[lit-ideas] SOS: Autonomical risk

  • From: "Lawrence Helm" <lawrencehelm@xxxxxxxxxxxx>
  • To: <lit-ideas@xxxxxxxxxxxxx>
  • Date: Sat, 20 May 2006 10:34:48 -0700



Heather-Noel Schwartz describes Sources of the Self as "an examination of
the ethical basis behind a Communitarian society."   Schwartz implies that
Taylor values autonomy in that it enables the individual to choose what
matters.  I could ask whether he chooses what matters to him or what matters
to the community in which he resides.  If there is no difference, if what
matters to the individual is identical to what matters to the community,
then I wonder whether much value can be placed on autonomy.   If we remember
that pre-modern man did not want to be autonomous from his community, it is
probably safe to say that a longing to be one with one's community is
something many if not most people feel.  


Sinclair Lewis with Babbitt, made conformity a dirty word, and yet people
still desire to be accepted members in good standing of their communities.
Organizations of all sorts want their members to conform to a greater or
lesser extent.  So how valuable is autonomy?  Or perhaps a better question
would be "what sort of person most values autonomy?"


A member-in-good-standing at a local church is going to be one who conforms
to the beliefs and practices of that church.  To call a church member
"autonomous" is almost a contradiction in terms.  If someone disagrees with
the doctrine and practices of his church, he will almost certainly not
remain a member.  He cannot be utterly autonomous and be a conscientious
member at the same time.  


On the other hand a historian writing an original work of history will
strive to be autonomous in the sense that he will seek to avoid being
influenced by previous historians' opinions; otherwise he will be called a
disciple.  The same thing would be true in other fields.  Russell wanted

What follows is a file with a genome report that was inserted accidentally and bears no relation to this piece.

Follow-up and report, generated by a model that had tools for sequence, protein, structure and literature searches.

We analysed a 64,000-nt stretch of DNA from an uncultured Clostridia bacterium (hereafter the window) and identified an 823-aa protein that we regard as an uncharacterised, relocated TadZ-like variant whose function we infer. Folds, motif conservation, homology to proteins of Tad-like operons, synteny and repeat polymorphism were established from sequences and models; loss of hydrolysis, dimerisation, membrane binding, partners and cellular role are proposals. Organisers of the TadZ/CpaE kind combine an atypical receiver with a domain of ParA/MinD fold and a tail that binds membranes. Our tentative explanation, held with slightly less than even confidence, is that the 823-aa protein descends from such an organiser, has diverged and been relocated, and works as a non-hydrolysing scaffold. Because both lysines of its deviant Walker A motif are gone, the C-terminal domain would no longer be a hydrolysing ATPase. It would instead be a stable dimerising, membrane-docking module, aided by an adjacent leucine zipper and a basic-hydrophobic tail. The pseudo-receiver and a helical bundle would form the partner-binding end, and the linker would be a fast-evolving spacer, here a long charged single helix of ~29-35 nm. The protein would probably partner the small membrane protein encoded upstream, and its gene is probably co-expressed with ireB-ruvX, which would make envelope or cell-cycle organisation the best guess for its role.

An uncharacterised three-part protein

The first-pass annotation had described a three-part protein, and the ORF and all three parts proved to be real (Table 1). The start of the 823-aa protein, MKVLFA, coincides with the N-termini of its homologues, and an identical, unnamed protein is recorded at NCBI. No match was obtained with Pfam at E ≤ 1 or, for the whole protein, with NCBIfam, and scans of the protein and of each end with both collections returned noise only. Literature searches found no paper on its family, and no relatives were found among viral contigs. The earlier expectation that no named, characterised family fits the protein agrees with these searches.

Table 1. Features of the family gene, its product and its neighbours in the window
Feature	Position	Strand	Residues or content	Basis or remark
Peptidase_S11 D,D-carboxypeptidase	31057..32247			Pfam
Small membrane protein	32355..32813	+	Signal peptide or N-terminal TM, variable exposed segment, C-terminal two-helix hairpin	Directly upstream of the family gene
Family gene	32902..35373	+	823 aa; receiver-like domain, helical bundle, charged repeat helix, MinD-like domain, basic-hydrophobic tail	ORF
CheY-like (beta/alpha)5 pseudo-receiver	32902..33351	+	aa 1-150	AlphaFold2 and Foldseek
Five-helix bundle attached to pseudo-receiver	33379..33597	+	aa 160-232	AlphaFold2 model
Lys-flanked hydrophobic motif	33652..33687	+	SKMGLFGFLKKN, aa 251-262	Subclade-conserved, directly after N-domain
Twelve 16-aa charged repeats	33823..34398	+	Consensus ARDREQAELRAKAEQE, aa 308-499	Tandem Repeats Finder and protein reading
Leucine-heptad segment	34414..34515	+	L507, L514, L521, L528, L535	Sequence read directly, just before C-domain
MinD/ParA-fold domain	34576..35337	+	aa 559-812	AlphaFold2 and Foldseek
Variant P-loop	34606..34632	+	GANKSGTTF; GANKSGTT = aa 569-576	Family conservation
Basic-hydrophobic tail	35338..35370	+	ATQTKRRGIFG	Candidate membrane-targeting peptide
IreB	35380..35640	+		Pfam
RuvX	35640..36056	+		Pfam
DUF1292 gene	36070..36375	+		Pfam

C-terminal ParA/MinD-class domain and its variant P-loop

Wittgenstein to be a disciple but the latter was autonomous and could not
subordinate his thinking to Russell's.  


Can we say that we are happier if we are living in a structure we respect,
one in which we readily choose not to exercise our potential autonomy?
Perhaps we have a family, are a member in good standing of a few
organizations including our job, subscribe to popular opinions, accept what
is accepted and are, therefore, happy.  But some of us were confronted by
the question in Philosophy 101, "is it better to be a happy fool or an
unhappy Socrates?"  We decided, of course, that it was better to be an
unhappy Socrates, and Socrates was about as autonomous as it is possible to
get.  Even when he drank the hemlock he was choosing a course of action
almost no one else would have chosen, or perhaps it is better to say "been
able to choose."   Though we answered the question a certain way in
Philosophy 101, have we carried that answer consistently throughout our
lives?  Or have we opted in most situations for the soothing happiness of
the joiner, the Babbitt, the conformist, the fool? 


Then too there is almost by definition a pathological risk to being
autonomous.  It has been implied to us that Socrates was unhappy.  Surely it
is pathological to choose to be unhappy.  I've read many of the Plato's
Dialogues and don't recall that Socrates was presented as being unhappy, but
insofar as we reject our community in the exercise of our autonomy, we are
inviting unhappiness.  Perhaps the historian or the philosopher can be